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'A monument to the folly of politicians who never got the memo on climate change': See reaction to Norwich Western Link announcement

PUBLISHED: 16:42 06 July 2019 | UPDATED: 15:57 07 July 2019

Extinction Rebellion protesting the Western Link of the NDR (Broadland Northway) at Norwich City Hall in March. Picture: Submitted

Extinction Rebellion protesting the Western Link of the NDR (Broadland Northway) at Norwich City Hall in March. Picture: Submitted

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Objectors to plans for a multimillion-pound Norwich Western Link connecting the NDR and A47 claim the recommended proposal shows scant regard for the environment or the threat of climate change.

Option C is the recommended preferred route for the Western Link. Pic: Norfolk County Council.Option C is the recommended preferred route for the Western Link. Pic: Norfolk County Council.

Norfolk County Council's announcement of its preferred route for the link - which will connect the NDR, now known as the Broadland Northway, with the A47 at Honingham - led to uproar from protestors who say the road will cause significant ecological damage.

But others say the chosen option was the least environmentally damaging of those on the table and will offer much-needed relief for villages which have served as city rat runs for years.

The £153m Option C, the preferred option revealed on Friday, will run halfway between Weston Longville and Ringland through a county wildlife site and will require the construction of a 720m-long viaduct.

Norwich South MP Clive Lewis is vehemently against the proposal to build a Western Link, saying investment should be focused on public transport rather than cars.

"This road will be a monument to the folly of politicians who never got the memo about climate change and ecological destruction and future generations will mock the names that are attached to it," he said.

Clive Lewis MP during the Youth Strike 4 Climate demonstration outside The Forum in Norwich in February. Picture: Neil PerryClive Lewis MP during the Youth Strike 4 Climate demonstration outside The Forum in Norwich in February. Picture: Neil Perry

"Science is telling us we have to put ourselves on a more ecologically sustainable footing.

"Saying you want to build a road through a site of special scientific interest and that you also want to save birds and insects doesn't add up. There is a disconnect and I think a lot of people are now cottoning on to that.

"We were the first country to industrialise so we should be the first to make a move to a sustainable economy and this project, which is being done on the cheap and steamrollering through the Wensum Valley, is going to set back the biodiversity that Norfolk needs."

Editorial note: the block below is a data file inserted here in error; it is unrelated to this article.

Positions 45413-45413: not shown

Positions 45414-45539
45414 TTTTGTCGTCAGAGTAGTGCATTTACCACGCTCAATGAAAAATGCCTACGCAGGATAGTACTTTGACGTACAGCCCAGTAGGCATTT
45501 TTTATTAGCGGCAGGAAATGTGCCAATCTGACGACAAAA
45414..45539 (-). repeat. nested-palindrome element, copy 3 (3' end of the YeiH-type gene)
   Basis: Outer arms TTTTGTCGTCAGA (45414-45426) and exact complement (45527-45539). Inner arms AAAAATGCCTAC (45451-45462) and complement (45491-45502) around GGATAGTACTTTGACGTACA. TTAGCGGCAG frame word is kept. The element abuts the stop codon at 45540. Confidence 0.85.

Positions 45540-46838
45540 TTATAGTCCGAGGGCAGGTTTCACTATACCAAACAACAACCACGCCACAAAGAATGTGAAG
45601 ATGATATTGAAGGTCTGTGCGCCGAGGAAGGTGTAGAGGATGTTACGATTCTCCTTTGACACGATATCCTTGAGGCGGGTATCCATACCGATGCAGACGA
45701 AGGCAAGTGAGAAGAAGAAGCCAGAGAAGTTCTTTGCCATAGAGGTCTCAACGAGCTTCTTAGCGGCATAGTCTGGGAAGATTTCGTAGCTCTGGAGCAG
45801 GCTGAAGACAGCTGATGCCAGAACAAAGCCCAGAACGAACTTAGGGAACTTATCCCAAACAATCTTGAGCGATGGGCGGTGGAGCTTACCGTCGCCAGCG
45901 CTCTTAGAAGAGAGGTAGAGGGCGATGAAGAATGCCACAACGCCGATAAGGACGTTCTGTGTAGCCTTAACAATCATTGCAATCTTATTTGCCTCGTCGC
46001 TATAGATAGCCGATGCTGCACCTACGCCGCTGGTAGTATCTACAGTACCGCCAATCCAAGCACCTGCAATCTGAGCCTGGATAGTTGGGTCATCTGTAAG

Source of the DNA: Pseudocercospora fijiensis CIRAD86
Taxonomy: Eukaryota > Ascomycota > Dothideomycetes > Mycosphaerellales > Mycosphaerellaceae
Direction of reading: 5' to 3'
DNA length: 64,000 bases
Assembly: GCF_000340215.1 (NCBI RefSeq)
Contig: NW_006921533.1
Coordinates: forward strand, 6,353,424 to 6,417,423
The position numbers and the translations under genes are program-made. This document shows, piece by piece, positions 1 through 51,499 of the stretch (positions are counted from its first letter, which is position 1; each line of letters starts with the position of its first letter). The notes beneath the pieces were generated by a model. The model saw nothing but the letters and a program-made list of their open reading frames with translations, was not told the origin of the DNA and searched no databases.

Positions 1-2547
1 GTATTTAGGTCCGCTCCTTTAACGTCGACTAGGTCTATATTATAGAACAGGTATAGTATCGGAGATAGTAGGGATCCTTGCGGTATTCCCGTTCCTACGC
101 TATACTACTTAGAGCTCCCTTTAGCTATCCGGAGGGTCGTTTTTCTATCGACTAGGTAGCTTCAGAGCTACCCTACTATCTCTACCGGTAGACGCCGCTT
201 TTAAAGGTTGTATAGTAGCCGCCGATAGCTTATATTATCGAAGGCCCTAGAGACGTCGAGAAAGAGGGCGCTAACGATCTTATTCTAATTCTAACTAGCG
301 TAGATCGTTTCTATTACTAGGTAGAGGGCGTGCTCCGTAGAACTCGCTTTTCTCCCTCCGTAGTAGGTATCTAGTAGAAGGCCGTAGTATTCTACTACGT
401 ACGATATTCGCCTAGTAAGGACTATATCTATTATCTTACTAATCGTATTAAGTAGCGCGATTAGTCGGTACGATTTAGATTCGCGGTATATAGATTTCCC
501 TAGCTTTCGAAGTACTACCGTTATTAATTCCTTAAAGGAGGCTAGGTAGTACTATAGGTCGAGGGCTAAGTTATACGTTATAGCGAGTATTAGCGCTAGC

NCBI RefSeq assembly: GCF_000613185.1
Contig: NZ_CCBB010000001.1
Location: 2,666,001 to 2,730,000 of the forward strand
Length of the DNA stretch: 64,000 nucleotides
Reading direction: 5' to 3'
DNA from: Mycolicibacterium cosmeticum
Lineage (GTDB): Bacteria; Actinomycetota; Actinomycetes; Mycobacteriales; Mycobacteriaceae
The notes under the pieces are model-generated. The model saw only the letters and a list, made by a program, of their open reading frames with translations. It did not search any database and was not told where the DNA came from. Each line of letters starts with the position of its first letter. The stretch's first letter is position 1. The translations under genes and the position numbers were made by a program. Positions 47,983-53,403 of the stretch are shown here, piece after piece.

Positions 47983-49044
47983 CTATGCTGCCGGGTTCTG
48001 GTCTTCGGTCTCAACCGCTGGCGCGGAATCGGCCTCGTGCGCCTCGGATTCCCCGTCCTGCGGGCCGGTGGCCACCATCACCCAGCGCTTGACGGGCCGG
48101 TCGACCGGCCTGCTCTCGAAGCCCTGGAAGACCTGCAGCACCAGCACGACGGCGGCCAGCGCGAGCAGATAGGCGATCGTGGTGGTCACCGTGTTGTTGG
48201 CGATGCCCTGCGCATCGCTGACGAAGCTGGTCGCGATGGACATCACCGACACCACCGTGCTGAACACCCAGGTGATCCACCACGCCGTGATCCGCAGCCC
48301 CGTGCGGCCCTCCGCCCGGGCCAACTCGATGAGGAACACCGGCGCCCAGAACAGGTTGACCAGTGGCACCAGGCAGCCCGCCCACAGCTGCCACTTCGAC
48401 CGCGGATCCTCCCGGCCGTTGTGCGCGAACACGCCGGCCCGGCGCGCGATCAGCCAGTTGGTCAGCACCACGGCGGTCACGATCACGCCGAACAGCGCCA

Denise Carlo, transport spokeswoman for the Norwich Green Party group, said: "The earth is experiencing a catastrophic loss of biodiversity and rise in temperature and Norfolk County Council is planning to make it worse by constructing a Norwich Western Link which would destroy important wildlife habitats for protected creatures such as water voles, otters and bats, and which would generate more traffic and carbon emissions.

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"If local politicians proceed with this road, they will be knowingly damaging the future for young people by adding to the destruction of the planet and its life support systems through their short term, out-dated attitudes on transport, society, economy and the environment."

But news of the preferred option has come as a relief to residents in areas such as Costessey, for which the link will effectively create a by-pass and alleviate its 60-year rat-running problem.

Tim East, town and county councillor for Costessey and former chairman of the Norwich Western Link working group at County Hall, said: "All those rat-running sufferers who have endured this kind of damage to their quality of life will see it eradicated at a stroke."

He said Option C was the least environmentally damaging and most likely to pass rigorous tests from Natural England and the Environment Agency.

"I understand the concerns of the objectors but the government has said they want to go carbon-neutral by 2050 and have electric cars by 2030. Achieving that ambitious target would be laudable, but electric cars will still need roads to run on and they will need roads that are fit for purpose," he said.

Denise Carlo, transport spokeswoman for the Norwich Green Party group. Picture: Neil DidsburyDenise Carlo, transport spokeswoman for the Norwich Green Party group. Picture: Neil Didsbury

Council officers said the option which scored highest in the public consultation, Option D, did not stack up in engineering, environmental or economic terms.

The Option C route across the Wensum Valley will go through a county wildlife site and a site of special scientific interest and lead to the loss of woodland, but the council has previously said this would be mitigated through tree-planting.

Pamela Abbott, chief executive of Norfolk Wildlife Trust, said: "We will be looking in detail at the impacts on biodiversity of this recommendation."

Norwich Airport, which is seeking to increase its passenger numbers from 500,000 in 2017 to 1.4 million by 2045, supports plans for a Western Link as it would provide improved road infrastructure for passengers travelling via the south and west of the city.

The county council said the route will also improve access to the Norfolk and Norwich University Hospital, particularly for north and west Norfolk, which in turn will reduce emergency response times.

Tim East, town and county councillor for Costessey. Picture: SubmittedTim East, town and county councillor for Costessey. Picture: Submitted

Both the hospital and the airport have written to the council in support of the Western Link proposals.

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